IE 11 is not supported. For an optimal experience visit our site on another browser.

Bobbie Thomas: If you're going through infertility, you are not alone

Bobbie Thomas reminds women facing infertility that they aren't alone and shares new resources that can help with fertility struggles.
/ Source: TODAY

In honor of National Infertility Awareness Week, our TODAY Style Editor Bobbie Thomas, who publicly shared her struggle to conceive her son Miles, wants to remind women (and men) facing infertility that they aren't alone, and that there are new resources available.

Bobbie Thomas and her son Miles
Courtesy of Bobbie Thomas

Just this morning, as I walked through my apartment door after leaving the TODAY studio and was greeted by my smiley, cuddly, sweet-smelling baby boy Miles running toward me, I was overwhelmed, as I often am, by this tremendous feeling of gratitude.

It's something that I imagine many parents feel as they hug their children, but maybe even more so for those of us whose road to parenthood was long and winding. I need to start by acknowledging that I am one of the very, very lucky ones. I went through multiple rounds of IVF, countless visits to doctors, acupuncturists, and specialists, and endured quite a bit of emotional and physical pain to have my son, but I am still supremely lucky. I know there are many women (and men) reading these words right now who have been through, or are currently going through, what I did before I got my BFP (Big Fat Positive pregnancy result).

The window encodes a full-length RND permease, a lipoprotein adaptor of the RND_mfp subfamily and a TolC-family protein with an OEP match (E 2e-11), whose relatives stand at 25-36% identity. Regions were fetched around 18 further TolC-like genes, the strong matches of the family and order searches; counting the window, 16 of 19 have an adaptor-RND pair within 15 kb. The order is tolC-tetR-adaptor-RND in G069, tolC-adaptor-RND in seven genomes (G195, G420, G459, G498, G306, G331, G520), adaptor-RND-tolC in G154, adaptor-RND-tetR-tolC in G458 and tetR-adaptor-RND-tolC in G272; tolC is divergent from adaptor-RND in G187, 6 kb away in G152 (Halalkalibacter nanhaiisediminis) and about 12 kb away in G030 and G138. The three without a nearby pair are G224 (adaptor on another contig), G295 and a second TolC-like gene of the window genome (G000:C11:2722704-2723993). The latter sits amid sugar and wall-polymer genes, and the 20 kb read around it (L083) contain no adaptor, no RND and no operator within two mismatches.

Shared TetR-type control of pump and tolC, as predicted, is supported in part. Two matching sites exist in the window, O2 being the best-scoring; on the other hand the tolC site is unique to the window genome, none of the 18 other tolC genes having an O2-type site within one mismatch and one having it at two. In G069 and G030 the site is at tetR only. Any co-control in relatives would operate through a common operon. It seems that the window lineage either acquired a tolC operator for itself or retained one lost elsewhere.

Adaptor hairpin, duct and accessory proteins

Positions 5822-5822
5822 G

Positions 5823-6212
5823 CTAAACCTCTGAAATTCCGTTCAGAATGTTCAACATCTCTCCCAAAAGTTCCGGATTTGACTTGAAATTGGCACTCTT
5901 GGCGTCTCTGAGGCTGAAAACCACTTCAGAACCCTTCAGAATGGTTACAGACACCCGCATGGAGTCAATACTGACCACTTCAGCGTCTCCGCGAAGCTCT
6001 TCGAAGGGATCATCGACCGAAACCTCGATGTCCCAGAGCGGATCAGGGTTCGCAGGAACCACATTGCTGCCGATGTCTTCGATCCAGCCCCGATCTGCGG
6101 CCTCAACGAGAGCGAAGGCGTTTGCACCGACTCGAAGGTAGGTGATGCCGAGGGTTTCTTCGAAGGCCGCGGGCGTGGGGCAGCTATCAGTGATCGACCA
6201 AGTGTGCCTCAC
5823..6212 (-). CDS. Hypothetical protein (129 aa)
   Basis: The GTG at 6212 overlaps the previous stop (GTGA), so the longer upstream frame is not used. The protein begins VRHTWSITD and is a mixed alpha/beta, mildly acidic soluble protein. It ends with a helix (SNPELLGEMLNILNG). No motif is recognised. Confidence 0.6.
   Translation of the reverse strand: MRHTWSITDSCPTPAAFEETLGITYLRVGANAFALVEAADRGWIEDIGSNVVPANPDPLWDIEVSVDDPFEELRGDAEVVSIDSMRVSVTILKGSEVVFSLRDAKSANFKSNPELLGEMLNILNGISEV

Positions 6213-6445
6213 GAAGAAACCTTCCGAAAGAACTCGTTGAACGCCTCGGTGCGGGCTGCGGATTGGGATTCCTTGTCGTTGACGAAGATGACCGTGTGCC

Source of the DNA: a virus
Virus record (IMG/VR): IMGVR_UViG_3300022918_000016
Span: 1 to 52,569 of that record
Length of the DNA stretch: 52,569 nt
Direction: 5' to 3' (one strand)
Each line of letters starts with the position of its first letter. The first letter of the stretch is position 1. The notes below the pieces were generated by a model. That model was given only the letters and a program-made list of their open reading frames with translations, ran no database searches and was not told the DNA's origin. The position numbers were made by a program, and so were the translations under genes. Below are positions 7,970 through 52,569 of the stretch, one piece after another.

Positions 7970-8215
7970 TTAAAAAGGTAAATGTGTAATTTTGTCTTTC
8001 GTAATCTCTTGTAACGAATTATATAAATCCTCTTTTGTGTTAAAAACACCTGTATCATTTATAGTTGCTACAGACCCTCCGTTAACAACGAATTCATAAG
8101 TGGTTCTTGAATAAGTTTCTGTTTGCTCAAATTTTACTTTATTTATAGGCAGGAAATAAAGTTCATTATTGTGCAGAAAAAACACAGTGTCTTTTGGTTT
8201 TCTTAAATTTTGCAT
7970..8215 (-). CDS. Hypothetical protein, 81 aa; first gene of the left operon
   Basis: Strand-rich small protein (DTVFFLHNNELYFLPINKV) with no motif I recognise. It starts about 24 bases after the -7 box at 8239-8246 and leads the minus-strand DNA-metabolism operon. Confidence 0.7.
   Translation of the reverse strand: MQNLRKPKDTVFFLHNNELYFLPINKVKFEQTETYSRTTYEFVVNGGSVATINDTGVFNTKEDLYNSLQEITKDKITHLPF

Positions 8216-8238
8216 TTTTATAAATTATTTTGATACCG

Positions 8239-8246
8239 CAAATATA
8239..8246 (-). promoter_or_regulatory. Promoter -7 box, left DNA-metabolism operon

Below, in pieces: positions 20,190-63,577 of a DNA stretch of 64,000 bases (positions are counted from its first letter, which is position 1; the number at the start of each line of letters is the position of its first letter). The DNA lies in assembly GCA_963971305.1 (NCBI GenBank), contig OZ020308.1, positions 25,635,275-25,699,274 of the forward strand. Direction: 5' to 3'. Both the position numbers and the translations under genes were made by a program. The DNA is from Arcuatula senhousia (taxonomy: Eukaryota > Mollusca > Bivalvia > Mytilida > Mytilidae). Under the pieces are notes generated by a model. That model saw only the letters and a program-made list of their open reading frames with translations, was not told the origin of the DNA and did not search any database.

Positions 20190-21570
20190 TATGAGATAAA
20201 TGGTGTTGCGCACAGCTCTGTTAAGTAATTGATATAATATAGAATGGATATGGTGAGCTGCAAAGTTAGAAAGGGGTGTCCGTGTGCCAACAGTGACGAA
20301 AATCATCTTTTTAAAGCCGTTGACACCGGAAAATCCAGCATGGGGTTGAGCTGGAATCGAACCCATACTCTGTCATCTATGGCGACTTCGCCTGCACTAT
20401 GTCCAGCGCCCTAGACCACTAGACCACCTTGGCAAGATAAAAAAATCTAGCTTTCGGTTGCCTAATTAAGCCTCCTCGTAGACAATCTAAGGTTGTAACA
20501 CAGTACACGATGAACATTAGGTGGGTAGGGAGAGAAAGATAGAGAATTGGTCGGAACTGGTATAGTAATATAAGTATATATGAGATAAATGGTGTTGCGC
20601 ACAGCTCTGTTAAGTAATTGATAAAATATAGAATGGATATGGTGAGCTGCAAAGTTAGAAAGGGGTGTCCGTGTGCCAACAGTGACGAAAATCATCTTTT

You are the reason why I will never stop working to make sure everyone who wants or needs help to have a family has support and resources.

RELATED: Bobbie Thomas: No more whispers, I'm doing IVF and proud of it

Bobbie Thomas' son Miles
Courtesy of Bobbie Thomas

Trying to conceive was the most difficult and emotional process I've ever gone through, and I will never, ever forget the feelings of isolation, guilt, and even anger I experienced. At the same time, after I made the decision to make my struggle public in the hopes of connecting with other women going through similar experiences, I was overwhelmed by encouragement and support — from people I'd never even met — who were so gracious and willing to share information, tips, and just hope with me. I was fortunate to have a platform where I could reach and interact with many people, but not everyone has this kind of network. This is why it's so important to me, and always will be, to advocate for the Infertility community. It gave so much to me when I needed support, and I will forever be a member of and champion for it.

Never miss a parenting story! Sign up here for TODAY newsletters

National Infertility Awareness Week (NIAW) is a great time to revisit the topic of infertility, although those who struggle with it, struggle year long — all day, every day. I'm still affected by infertility. I will never be able to give Miles a biological sibling and I do feel the occasional pang of sadness when friends and family announce second, third, and fourth pregnancies.